The sound system at Bohemien is divided into three parts, one of which consists of the Altec Model 17s, the line arrays another, and those that run on a 70V system, the pendants, the third.
Tarek Debira, who owns Bohemien, also owns another restaurant, Chez Moi, and bar, Le Boudoir down the block. The original plan was to put up some cool old gear - cooler and better-sounding than the usual pro-audio black speakers in every other bar - and call it a day... but then had some other ideas.
I connected Tarek to my friend Perry Brandston, who has a long and storied history in the world of NYC nightlife sound, and continues that today with his work as part of Sound Concern and his latest project, Oda. Perry had installed a pair of similar arrays at Planeta that I had heard, and thought that they would be incredible in a space like Bohemien. Tarek was interested in a system that would be more experiential and part of the design of the space, so we all talked. After a few discussions, Perry sketched out the types and placement of speakers and what was required for the arrays, and then I took it from there to finalize the design, then fabricate and install.
While the Bohemien space had long been a bar, it’s not really designed for loud music - so the idea was to design a system that sounded great throughout the space, wasn’t bass-shy, but also one that wouldn’t shake the rafters or excite the room (or neighbors) too much.
The Altec Model 17s in the rear, with vintage 604-8G drivers, always sound great - there are reasons that those nearly 50 year-old drivers still command top dollar. At Bohemien, they run full-range with minimal EQ, with a midrange to die for - way back in the day, these were the studio monitors. There’s no replacement for displacement, and if I get the chance to be in there by myself, sometimes I’ll turn off the rest of the system and just listen to those. The nature of the drivers is such that while they go down to about 30Hz, we still rely on the arrays for the rest of the low-end oomph in the space. Securely fastened to the ceiling, each weighs about 140lbs.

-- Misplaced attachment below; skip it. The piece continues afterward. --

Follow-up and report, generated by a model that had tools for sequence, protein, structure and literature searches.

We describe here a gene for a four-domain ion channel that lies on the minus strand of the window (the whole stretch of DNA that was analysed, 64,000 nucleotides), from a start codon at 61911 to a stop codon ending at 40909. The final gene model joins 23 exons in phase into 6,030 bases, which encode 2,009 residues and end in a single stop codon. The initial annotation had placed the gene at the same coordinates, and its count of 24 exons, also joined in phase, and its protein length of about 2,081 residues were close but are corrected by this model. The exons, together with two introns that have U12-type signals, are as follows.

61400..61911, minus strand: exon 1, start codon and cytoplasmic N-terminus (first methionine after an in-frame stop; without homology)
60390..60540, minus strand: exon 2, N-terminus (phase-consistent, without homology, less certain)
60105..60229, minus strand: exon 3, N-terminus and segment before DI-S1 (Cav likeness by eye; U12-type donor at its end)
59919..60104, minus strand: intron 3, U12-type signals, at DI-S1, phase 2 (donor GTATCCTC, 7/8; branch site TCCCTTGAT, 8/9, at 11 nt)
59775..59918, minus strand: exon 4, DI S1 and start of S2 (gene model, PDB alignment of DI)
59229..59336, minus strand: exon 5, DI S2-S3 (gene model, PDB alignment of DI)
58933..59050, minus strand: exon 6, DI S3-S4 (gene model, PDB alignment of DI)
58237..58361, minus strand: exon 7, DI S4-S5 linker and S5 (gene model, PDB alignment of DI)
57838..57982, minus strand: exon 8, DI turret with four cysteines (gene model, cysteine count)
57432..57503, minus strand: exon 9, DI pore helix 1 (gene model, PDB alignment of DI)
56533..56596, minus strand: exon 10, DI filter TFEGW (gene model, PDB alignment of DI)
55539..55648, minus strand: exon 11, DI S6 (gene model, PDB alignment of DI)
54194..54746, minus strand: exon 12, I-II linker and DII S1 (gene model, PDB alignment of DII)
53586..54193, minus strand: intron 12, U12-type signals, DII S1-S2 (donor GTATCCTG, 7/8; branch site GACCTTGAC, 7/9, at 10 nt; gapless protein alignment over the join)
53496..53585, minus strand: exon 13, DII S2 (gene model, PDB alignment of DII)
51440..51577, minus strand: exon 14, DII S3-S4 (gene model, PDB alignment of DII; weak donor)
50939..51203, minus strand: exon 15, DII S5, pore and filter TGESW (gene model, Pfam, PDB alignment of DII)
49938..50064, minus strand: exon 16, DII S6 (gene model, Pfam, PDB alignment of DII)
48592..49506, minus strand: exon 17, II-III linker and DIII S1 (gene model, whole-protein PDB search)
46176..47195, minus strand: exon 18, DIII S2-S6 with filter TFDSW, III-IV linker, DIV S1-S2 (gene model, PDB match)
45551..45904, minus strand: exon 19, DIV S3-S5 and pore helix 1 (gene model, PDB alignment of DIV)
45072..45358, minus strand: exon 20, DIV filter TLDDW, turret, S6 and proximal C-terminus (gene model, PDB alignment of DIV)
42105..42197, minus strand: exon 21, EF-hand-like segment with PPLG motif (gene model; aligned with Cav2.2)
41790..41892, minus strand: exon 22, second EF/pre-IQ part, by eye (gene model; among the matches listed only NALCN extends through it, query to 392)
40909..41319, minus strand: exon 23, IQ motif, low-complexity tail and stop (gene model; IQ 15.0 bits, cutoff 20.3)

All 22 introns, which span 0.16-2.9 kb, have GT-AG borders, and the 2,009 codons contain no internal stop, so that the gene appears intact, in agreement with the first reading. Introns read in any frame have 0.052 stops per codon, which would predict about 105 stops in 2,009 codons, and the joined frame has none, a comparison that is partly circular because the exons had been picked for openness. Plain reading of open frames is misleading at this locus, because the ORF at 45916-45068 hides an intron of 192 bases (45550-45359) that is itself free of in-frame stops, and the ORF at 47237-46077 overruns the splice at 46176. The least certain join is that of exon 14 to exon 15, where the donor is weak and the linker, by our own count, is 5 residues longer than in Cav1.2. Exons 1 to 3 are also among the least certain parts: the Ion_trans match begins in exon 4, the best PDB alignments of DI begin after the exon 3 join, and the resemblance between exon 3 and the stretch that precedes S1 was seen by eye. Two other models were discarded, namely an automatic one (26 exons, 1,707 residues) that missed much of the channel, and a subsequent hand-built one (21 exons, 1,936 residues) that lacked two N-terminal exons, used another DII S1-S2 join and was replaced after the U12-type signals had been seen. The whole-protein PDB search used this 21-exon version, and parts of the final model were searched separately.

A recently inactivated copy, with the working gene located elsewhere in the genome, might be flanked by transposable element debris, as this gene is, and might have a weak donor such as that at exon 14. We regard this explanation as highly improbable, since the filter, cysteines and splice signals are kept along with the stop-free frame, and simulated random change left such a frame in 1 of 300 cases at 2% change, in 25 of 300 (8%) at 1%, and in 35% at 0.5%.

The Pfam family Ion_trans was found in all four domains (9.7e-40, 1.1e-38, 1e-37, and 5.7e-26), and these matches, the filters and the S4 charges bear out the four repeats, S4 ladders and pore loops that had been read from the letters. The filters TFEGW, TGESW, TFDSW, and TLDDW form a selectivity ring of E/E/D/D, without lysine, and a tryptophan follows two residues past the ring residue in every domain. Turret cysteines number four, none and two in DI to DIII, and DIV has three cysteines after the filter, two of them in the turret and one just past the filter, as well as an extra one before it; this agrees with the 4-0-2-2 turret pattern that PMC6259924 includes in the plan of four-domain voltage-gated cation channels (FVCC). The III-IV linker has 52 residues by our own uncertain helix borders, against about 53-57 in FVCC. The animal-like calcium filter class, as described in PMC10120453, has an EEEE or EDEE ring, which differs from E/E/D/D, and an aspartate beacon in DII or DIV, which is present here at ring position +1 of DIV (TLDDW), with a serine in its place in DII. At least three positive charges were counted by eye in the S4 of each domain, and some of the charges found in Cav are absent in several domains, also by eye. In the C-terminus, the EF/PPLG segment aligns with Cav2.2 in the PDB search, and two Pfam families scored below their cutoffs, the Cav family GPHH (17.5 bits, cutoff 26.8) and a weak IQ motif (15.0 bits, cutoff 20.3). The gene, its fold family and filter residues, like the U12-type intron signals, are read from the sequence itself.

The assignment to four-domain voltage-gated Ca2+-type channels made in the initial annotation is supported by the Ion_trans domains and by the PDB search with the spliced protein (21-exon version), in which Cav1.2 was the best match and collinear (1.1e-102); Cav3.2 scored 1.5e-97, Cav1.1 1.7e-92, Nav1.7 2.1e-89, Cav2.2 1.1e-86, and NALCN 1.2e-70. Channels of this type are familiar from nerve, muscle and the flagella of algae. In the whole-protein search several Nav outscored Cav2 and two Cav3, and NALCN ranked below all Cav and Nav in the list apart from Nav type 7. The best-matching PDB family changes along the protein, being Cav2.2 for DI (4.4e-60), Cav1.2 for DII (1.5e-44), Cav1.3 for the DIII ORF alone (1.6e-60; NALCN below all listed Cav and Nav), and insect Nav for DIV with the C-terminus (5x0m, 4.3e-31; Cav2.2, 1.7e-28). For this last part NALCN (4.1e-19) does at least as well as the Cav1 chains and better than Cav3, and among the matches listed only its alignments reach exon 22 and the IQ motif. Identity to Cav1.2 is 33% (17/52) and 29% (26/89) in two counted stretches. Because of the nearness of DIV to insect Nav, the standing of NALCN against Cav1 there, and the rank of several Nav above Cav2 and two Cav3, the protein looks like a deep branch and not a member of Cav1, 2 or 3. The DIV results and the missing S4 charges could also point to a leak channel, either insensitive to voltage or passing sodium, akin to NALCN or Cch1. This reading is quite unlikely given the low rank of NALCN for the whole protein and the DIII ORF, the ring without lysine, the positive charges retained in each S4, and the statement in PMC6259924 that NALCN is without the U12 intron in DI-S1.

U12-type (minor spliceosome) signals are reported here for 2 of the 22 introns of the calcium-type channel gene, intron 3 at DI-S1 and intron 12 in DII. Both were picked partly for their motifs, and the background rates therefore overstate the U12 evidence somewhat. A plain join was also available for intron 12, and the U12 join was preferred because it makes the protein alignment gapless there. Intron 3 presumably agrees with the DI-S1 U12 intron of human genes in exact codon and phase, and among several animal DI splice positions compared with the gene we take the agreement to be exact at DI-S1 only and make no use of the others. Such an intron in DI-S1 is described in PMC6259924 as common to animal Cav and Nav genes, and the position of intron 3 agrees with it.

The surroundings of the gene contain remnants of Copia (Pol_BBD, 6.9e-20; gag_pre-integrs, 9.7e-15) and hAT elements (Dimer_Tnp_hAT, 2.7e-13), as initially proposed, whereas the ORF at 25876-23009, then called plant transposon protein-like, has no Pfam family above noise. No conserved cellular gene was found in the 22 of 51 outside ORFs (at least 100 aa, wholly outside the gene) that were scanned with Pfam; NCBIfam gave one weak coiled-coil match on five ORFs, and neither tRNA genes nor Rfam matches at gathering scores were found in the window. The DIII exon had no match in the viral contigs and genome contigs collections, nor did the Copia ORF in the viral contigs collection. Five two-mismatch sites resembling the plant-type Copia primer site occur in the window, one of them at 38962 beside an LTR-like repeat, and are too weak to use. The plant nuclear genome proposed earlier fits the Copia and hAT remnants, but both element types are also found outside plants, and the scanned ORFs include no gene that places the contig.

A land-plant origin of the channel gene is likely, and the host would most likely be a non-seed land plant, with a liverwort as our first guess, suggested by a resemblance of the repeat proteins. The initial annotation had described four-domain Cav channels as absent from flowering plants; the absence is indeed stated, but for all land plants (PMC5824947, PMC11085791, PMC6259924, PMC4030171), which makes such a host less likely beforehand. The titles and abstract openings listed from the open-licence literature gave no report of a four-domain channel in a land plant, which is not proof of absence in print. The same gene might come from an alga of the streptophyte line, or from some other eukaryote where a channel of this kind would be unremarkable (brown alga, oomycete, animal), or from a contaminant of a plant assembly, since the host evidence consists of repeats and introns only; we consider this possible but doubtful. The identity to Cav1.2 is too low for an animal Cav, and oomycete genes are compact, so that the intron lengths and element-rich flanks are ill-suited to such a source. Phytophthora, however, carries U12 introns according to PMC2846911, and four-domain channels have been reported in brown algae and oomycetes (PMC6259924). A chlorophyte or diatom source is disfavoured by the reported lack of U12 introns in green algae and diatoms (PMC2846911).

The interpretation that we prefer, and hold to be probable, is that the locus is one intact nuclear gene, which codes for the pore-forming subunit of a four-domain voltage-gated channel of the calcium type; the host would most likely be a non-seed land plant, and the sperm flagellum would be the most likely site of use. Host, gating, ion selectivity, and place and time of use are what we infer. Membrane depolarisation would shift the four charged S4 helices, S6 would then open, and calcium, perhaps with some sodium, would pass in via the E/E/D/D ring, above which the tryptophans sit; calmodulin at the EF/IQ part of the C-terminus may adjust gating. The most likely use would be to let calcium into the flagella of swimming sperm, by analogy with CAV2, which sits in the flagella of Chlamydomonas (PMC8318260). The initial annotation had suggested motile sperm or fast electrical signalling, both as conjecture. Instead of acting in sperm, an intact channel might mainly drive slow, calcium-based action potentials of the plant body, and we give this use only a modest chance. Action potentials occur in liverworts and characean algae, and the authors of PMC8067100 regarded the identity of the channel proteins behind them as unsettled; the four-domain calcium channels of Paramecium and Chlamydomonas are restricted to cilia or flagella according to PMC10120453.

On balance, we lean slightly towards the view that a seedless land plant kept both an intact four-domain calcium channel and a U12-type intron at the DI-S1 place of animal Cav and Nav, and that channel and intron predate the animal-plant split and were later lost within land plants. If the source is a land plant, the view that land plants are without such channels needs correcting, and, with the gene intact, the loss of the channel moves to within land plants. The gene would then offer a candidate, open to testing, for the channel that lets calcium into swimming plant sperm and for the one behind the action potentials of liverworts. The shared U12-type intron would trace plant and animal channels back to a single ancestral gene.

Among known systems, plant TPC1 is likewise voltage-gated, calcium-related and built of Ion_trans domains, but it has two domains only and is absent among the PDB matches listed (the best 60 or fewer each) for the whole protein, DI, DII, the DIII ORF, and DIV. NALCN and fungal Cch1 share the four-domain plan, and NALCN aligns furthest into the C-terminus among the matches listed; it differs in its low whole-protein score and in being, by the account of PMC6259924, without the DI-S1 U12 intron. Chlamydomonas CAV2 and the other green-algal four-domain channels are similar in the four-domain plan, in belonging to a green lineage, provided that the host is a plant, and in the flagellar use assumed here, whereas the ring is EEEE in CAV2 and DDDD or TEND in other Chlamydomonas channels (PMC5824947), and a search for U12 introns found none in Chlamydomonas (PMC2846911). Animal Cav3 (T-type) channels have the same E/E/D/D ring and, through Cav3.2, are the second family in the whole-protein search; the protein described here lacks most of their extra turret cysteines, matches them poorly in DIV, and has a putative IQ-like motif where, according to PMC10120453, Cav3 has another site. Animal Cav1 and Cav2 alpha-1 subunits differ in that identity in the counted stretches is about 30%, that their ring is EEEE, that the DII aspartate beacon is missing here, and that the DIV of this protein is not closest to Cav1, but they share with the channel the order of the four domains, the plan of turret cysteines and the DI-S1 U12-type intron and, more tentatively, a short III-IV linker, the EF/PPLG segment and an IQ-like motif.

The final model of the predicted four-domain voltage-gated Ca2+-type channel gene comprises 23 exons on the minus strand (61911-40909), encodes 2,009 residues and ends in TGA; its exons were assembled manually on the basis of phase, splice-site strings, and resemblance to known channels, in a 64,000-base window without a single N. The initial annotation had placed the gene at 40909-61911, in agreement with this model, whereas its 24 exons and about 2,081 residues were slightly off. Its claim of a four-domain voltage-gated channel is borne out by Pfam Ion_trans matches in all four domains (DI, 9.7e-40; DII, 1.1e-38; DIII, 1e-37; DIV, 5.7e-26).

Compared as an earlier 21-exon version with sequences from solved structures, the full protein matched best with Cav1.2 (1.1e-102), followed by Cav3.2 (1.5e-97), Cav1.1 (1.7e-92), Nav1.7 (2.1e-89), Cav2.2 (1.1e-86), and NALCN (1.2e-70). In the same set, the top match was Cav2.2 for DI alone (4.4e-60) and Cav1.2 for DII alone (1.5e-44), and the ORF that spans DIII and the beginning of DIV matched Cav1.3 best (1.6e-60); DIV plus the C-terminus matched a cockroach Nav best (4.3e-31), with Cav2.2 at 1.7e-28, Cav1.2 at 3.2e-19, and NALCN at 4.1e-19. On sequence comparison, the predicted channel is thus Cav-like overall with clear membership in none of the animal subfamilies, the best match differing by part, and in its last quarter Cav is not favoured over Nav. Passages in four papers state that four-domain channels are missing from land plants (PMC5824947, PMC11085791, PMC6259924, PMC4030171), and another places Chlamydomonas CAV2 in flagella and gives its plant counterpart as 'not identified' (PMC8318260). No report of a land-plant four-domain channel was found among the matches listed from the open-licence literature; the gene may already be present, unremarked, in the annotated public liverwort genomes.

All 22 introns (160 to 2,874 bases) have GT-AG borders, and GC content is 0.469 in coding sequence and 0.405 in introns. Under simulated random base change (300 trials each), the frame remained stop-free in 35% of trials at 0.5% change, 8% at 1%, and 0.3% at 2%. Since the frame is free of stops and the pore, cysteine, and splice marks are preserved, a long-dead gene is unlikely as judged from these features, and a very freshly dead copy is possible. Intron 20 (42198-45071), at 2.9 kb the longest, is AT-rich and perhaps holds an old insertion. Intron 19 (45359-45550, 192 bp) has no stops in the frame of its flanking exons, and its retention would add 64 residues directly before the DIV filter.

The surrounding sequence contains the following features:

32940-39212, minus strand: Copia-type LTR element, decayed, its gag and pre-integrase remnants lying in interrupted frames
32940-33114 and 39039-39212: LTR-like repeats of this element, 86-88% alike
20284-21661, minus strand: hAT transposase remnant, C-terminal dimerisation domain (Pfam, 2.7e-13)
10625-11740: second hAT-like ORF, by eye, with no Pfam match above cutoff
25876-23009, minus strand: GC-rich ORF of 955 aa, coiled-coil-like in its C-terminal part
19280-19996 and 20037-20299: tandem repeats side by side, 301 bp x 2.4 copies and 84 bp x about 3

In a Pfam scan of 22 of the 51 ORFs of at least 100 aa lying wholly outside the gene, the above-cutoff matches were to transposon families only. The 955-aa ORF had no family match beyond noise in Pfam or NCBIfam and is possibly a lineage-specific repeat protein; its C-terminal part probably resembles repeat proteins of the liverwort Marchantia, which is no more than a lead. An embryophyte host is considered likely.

The arrays in the front of the space look striking, and add a lot to the sound and the experience - they’re about 9 ½’ tall, and comprise 136 drivers each - 8 12” woofers, 32 3” mids, and 96 1” tweeters. Each is a sealed box with two chambers inside - one for the woofers, and one for the mids and tweets. While the internal volume seems small-ish, because it’s an array and the excursion is minimal, it all works (and can be tweaked with EQ). The brilliance of the system lies in Perry’s design and driver selection - succeeding in both performance and price-point. It’s fascinating how with arrays in general - and especially with the piezo tweeters - individual driver irregularities disappear giving an improved overall response.
The actual enclosures are rectangular, the radiused sides are a decorative element we added. (Or rather, I mean, are designed to help with edge diffraction! -ed.). They’re made from ½” Baltic birch kerfed on the table saw so as to bend it. The Dibond panel for the tweeters and front Baltic birch panel I had CNC’d by my friends at The New Motor (who also cut the pendants). A big part of this project was the added element of craftsmanship and fine woodworking - none of this is off-the-shelf - and in that area I think we succeeded.
Arrays behave as a line source, so you have a “column of sound” coming toward you, rather than a point source (like a “flashlight”) as you do with traditional speakers with individual drivers. Generally the sound "travels farther" with an array (like those J-shaped arrays you see hanging from the ceiling at venues) - although less of an issue in this case. Here, in a near-field setup, it's more a feeling that you’re wrapped in a cocoon of music, and you notice it each time you walk in the door. Because they’re facing one another, it’s not like a home setup, and that does create some irregularities with standing waves, but it’s not distracting.